Saturday, November 9, 2013


by Brian Kimberling
Pantheon, 2013. 210 pgs. Fiction

Nathan Lochmueller has a degree in philosophy and no job, until he lucks into one as a bird researcher. He has to be in the field at 5:00 a.m. every day, plotting and triangulating the locations of birds' nests, naming the birds he feels friendly towards, tromping through thistle and swampland, in Southeastern Indiana. Nathan is in love with the lovely Lola, who likes him but is constitutionally predisposed to flit from guy to guy. He is also beset in the woods and out with a wide array of "characters":  his Uncle Dart and Aunt Loretta, briefly resituated from Texas but driven back home by the neighbors who thought they were Klansmen, and by the Klansmen who thought they should be neighbors; the crazed fisherman who was outdueled for a catfish by a bald eagle; his childhood friend Shane who took a break from working on his degree  to smoke banana peel using a recipe from The Anarchist's Cookbook. (My favorite quote:  "Shane was pursuing a degree in library science.  He hated it.  He wanted to work with books but was compelled instead to study 'information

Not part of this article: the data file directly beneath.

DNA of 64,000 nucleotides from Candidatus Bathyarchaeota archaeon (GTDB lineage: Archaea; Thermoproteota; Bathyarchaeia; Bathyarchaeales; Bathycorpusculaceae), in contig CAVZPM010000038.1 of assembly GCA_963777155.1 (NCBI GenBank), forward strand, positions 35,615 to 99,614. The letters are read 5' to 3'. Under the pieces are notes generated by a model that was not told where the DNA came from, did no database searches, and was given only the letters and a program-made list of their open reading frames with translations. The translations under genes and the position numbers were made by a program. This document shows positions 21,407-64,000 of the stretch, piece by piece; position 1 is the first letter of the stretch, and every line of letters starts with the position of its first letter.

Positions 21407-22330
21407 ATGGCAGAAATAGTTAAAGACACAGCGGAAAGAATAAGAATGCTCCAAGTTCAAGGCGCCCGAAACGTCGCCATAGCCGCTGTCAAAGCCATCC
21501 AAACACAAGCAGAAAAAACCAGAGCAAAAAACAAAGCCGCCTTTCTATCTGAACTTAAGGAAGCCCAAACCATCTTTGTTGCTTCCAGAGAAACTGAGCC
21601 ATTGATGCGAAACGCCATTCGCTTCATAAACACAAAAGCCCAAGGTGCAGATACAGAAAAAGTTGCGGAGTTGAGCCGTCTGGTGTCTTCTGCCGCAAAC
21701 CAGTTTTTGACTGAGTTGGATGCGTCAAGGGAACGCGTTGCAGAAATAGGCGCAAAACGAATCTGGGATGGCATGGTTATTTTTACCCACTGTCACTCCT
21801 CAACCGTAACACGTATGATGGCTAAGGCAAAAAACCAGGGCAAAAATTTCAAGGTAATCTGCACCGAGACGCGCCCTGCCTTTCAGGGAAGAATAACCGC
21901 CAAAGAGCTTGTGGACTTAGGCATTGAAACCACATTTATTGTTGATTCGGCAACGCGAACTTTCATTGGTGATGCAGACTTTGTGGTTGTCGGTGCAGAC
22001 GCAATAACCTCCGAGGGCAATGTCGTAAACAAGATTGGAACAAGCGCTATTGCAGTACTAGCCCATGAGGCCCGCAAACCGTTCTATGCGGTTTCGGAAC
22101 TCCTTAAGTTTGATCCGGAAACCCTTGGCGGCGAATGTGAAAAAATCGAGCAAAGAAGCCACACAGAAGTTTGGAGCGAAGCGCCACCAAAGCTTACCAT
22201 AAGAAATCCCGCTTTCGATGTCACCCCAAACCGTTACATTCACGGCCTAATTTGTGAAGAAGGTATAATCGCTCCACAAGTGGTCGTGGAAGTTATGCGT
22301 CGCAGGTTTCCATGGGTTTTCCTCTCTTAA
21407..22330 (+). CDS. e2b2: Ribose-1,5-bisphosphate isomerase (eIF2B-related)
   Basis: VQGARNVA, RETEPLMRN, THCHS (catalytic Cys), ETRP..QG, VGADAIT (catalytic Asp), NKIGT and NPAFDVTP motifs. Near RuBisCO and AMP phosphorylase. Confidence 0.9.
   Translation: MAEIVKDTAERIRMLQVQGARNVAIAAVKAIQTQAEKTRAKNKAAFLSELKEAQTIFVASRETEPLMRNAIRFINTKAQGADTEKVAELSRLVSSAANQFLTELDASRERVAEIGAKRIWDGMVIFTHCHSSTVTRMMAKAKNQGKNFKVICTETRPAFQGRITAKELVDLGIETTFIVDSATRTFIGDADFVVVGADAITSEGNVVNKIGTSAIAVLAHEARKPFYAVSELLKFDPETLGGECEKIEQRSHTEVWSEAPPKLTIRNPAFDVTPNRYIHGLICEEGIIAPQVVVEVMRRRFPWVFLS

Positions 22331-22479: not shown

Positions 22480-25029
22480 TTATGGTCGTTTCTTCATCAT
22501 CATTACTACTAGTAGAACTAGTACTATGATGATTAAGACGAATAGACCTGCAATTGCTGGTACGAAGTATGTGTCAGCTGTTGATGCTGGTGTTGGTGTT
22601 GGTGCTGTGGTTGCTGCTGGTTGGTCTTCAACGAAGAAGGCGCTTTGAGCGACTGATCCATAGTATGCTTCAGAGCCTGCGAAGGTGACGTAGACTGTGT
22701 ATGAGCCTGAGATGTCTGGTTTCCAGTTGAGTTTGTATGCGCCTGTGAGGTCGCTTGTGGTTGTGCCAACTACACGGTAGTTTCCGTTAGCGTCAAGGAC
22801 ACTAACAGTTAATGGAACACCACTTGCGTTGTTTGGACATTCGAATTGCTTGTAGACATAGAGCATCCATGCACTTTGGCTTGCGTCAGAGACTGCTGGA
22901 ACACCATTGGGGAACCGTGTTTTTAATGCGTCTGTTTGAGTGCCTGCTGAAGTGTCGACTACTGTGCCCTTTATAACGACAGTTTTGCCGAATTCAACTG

architecture' . . . .  'One of the professors called the phone book a database with limited search functionality . . . . That's when I decided to take a break'." Snapper is laugh out loud funny which I know because it made me laugh out loud. It is also tender and snarky, a story by and about a man who is annoyed to death by "his people," and place, and who loves them dearly as well.


Thursday, November 7, 2013

Spider Woman's Daughter

Spider Woman's Daughter: A Leaphorn and Chee Novel
by Anne Hillerman
HarperCollins, 2013. 301 pgs. Mystery

The late, great Tony Hillerman's fans will be delighted by his daughter's addition to the Jim Chee/Joe Leaphorn Navajo mystery series. Not only does Anne have her father's love (and eye) for the desert Southwest and its original inhabitants, but she tells a good story, as well. In this volume, Jim Chee's wife Bernie is among a group of fellow officers having breakfast with Joe Leaphorn on a hot summer day. When he leaves, she sees him gunned down in the parking lot. Her eyewitness testimony of the shooter's car, height, weight, and clothing will provide important clues for solving the case, but her emotional attachment to Leaphorn along with the trauma of  seeing him shot, takes her off the case. But Chee needs help as he is assigned as chief investigator, so the husband wife team begin a perilous search to discover who would want Leaphorn dead and why. The trail is crossed by any number of red herrings (or, perhaps, red hot chilies in this locale), but Chee and Bernie finally make a connection that may cost them their lives.  A great read, especially for Tony Hillerman fans, and clean clear through.